If term limits are a public labor union plot, then why did a grassroots movement of 100,000 Republicans, Democrats, and Independents put it on the ballot? Maybe county workers got mad after the Union-Tribune wrote about "the outrageousness of the slush funds surviving the budget ax that has felled so many much more worthy county projects and programs the past year because of plunging revenue due to the deep recession."


If term limits are so bad, then why do voters time and time again support them? Why is the major resistance to Proposition B coming from those aligned with the incumbent Supervisors? Is it to protect their own interests? Remember, the Supervisors "slush fund" gives taxpayer money to their buddies and their groups.

Term limits work. We have term limits for the Mayor, the City Council, the Governor, and the President. Why should the Board of Supervisors be any different?

It's time for term limits. Vote "Yes" on Proposition B.

Fire Fighter
Public Health Nurse

Full Text of Proposition B

The Charter of the County of San Diego would be amended by adding the following sections.


The people of the County of San Diego hereby ordain and enact as follows:
This charter amendment shall be known as the County Board of Supervisors Term Limits Charter Amendment.
A. The same politicians have run San Diego County for years, but they have failed to address the pressing issues facing our County + issues like inadequate health care, ever-increasing traffic, and fire protection.
B. These career politicians have become so entrenched that they are routinely re-elected, even though they've lost touch with the people of San Diego County. Indeed, no incumbent supervisor in San Diego County has lost a re-election bid in more than two decades.
C. We need new leaders in San Diego County + leaders with new ideas to improve the quality of life in our County and leaders who are not captive to the special interests.
D. The hold that the career politicians have on the levers of power makes it difficult for qualified challengers to compete for office, much less succeed in being elected to the Board of Supervisors.
E. We need reasonable limits on the terms that a person can serve to end the reign of career politicians and to promote the opportunity for new leaders to serve the best interests of our community, not the special interests.
In enacting this charter amendment, it is the purpose and intent of the people of the County of San Diego County to:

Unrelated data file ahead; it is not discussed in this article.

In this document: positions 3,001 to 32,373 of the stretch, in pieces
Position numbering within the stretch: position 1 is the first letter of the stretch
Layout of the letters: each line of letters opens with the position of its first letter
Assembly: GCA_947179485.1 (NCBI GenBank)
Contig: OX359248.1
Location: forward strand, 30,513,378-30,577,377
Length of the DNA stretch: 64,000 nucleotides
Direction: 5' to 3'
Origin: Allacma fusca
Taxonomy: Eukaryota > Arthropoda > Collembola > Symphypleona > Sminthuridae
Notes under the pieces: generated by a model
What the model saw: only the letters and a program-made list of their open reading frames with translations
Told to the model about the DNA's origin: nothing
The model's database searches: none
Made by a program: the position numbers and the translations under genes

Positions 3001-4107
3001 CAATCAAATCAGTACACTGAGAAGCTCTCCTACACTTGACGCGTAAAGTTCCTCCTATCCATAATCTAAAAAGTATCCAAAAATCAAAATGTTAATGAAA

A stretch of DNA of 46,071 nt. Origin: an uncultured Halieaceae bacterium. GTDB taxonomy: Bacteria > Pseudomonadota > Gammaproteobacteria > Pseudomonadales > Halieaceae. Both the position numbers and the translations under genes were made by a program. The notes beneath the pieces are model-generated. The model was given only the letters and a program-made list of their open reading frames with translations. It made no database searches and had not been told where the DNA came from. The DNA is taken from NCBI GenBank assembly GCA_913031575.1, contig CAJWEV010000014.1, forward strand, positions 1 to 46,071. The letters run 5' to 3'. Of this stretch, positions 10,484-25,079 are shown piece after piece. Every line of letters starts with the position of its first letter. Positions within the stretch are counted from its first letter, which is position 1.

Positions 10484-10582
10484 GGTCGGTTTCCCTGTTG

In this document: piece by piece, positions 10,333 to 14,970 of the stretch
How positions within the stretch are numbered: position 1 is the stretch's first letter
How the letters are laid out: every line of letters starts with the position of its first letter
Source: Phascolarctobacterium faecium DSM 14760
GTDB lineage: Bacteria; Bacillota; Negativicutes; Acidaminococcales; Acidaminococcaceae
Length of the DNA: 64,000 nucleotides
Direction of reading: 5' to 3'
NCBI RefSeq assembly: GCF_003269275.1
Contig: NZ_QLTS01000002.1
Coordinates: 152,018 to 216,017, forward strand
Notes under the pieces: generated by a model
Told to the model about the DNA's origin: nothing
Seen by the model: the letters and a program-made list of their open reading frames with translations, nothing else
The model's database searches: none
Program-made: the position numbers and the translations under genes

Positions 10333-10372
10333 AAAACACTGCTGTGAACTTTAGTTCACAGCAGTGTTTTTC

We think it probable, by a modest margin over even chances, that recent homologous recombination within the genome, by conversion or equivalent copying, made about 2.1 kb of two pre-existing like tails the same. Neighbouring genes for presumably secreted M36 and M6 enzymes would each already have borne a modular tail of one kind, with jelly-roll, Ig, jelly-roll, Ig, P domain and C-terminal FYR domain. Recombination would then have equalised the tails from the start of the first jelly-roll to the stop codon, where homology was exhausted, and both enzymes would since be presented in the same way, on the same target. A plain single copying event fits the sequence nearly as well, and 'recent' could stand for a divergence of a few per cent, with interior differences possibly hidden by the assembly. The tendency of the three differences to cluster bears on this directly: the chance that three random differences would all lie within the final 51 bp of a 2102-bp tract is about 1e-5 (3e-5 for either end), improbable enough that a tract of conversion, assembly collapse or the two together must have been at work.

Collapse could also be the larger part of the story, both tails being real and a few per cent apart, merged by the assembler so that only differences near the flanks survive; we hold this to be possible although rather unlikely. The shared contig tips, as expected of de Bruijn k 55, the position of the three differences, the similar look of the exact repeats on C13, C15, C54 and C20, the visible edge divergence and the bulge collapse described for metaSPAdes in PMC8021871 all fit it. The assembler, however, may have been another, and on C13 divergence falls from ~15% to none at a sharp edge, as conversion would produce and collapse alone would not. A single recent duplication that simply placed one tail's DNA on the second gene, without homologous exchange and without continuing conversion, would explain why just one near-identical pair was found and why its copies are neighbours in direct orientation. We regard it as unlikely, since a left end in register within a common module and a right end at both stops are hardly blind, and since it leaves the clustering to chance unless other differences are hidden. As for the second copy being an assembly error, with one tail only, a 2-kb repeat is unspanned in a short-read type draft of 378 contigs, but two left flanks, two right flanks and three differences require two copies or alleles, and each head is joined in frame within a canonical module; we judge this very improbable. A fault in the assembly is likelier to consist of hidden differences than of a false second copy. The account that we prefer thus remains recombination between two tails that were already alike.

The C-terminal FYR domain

A. Encourage qualified candidates to seek public office by placing reasonable limitations upon the number of terms which may be served by members of the Board of Supervisors in their lifetimes.
B. Ensure that the public interest is served rather than the special interests by promoting fresh leadership to address the pressing problems facing San Diego County.
The Charter of the County of San Diego is hereby amended to add Section 401.5 to Article IV, as follows:
Section 401.5: Term Limits.
(a) No person may serve for more than two terms as a Supervisor, regardless of district represented, after the effective date of this section.
(b) Any person who is elected or appointed to an unexpired term as a Supervisor after the effective date of this section and who serves more than one-half of a full term of office shall be deemed, for purposes of this section, to have served a full term.
(c) Any Supervisor who resigns or is removed from office with less than one-half of a full term remaining until the expiration of the term shall be deemed, for the purpose of this section, to have served a full term.
This initiative may be amended only by a majority of the voters of San Diego County at a regular election.
If any provision of this initiative or the application thereof to any person or circumstance is held invalid, that invalidity shall not affect other provisions or applications of this initiative which can be given effect without the invalid provision or application, and to this end the provisions of this initiative are severable. In enacting this initiative, it is the express intent of the voters that, if any provision of this initiative is held invalid, the remainder of the initiative shall be given full force and effect.
In the event that this initiative and another initiative measure or measures relating to term limits shall appear on the same County election ballot, the provisions of the other initiative or initiatives shall be deemed to be in conflict with this initiative. In the event that this initiative receives a greater number of affirmative votes, the provisions of this initiative shall prevail in their entirety, and the provisions of the other initiative shall be null and void.

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Created: August 20, 2010 21:43 PDT